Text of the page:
Park had chosen just about the only non-criminal career in which a Rhodes scholarship doesn't amount to a hill of beans. Why? “I've never seen anyone change a person's beliefs through argument. But films can change the way people see the world. In a way filmmaking is politics by other means.”
Now 35, Pak has made 14 films. His latest, meatiest work is Robot Stories, a collection of four short dramas set in a future when robots mingle with humans. Its cast includes, among others, Tamlyn Tomita, Sab Shimono, James Saito and Greg Pak himself. It treats the meaning of being human adroitly enough to have won 15 awards, including the prestigious 2002 Hamptons International Film Festival prize for best screenplay.
Pak's preferred method of social criticism is transposing the human condition onto an inverted social terrain, thereby showing the absurdity of commonplace assumptions. This technique is crystalized in his earlier Asian Pride Porn, a short satire about sexual stereotyping which elevates Pak's deft satiric touch by casting M Butterfly playwright and director David Henry Hwang as a macho porn director.
At the moment Pak's pet project is every bit as eyebrow-raising -- a western featuring a Chinese gunslinger and his Mexican ladylove. Unlike the shorter works, Rio Chino isn't a social satire but “a straight-up western.” The screenplay won the Pipedream Screenwriting Award at the 2002 IFP Market and a 2003 Rockefeller Media Arts Fellowship. Pak and producer Karin Chien have yet to find financial backing. It isn't as though they are holding out for a major studio to ride to the rescue. Pak has resolved to make it with next to nothing, if necessary, and let the story's virtues carry the film.
Greg Pak was born August 23, 1968 in a middle-class suburb of Dallas, Texas to a Corean American father and a caucasian mother. He was a Boy Scout and an honor student. He majored in political science at Yale, and was committed enough to political action to work as a volunteer for Ann Richards's 1990 gubernatorial campaign. Upon winning the Rhodes Scholarship, Pak left with the aim of studying modern history. At Oxford he fell in with a group of filmmakers and discovered that the medium allowed the fullest expression of his wideranging skills and interests.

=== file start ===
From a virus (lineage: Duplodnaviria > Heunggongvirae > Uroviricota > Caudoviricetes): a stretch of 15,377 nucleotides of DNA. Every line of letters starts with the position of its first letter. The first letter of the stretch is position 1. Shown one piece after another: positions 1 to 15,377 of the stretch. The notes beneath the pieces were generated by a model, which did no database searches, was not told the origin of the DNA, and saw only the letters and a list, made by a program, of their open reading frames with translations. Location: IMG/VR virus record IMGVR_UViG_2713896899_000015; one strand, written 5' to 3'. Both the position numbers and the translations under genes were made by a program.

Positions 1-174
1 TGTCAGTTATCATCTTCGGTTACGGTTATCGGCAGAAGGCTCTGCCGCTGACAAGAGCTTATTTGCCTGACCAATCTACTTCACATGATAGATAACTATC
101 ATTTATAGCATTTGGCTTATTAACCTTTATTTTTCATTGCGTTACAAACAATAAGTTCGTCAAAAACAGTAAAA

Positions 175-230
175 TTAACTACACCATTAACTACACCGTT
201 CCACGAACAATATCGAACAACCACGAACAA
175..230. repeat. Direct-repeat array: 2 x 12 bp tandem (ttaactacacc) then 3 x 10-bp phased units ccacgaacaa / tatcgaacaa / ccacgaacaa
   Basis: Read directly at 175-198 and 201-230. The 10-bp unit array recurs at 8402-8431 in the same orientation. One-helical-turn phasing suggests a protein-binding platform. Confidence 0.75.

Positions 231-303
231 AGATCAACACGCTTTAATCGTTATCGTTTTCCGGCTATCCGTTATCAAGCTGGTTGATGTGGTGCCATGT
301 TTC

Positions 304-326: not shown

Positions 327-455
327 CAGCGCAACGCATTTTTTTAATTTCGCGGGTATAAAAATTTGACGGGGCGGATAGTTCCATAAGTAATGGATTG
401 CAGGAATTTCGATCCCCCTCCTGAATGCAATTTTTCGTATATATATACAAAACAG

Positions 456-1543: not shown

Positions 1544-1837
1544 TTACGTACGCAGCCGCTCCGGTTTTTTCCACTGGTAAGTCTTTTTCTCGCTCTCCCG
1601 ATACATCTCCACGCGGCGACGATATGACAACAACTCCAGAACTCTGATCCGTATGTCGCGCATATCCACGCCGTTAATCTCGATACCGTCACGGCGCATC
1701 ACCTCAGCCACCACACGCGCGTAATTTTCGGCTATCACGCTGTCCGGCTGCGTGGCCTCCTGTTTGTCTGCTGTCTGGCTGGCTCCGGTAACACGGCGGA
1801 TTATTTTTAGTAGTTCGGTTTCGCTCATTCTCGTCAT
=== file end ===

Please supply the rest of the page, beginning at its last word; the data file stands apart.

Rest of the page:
The film that put Pak on the map as a promising filmmaker was Fighting Grandpa, a documentary that examines the 70-year emotional journey of his Corean grandmother. It won awards and bestowed on Pak's work the credibility of a PBS broadcast in May 2001.
Pak is more than a screenwriter and filmmaker. He's an enterprising guerilla fighting for the indie cause. He operates two intelligent, well-crafted websites. Gregpak.com engage in a combination of tasteful self-promotion and a bit of unabashed commercialism. Filmhelp.com bestows on the independent filmmaking community the benefits of his considerable experience.
Greg Pak discusses his career and ambitions with the open, optimistic energy of a man brimming with the conviction that his cause is best served by giving robust voice to his intentions. His tone suggests a passion for full-on social and cultural discourse, but he seems to have settled on the wisdom of restraining himself to addressing concrete realities. Like many independent filmmakers, Pak evidences the heart of a cowboy who has only lately come to terms with his ambivalence about packaging the open range of his conscience and creative impulses into commercially viable footage.
GS: Your Robot Stories won the 2002 Hamptons International Film Festival prize for Best Screenplay. What impact did that have on your life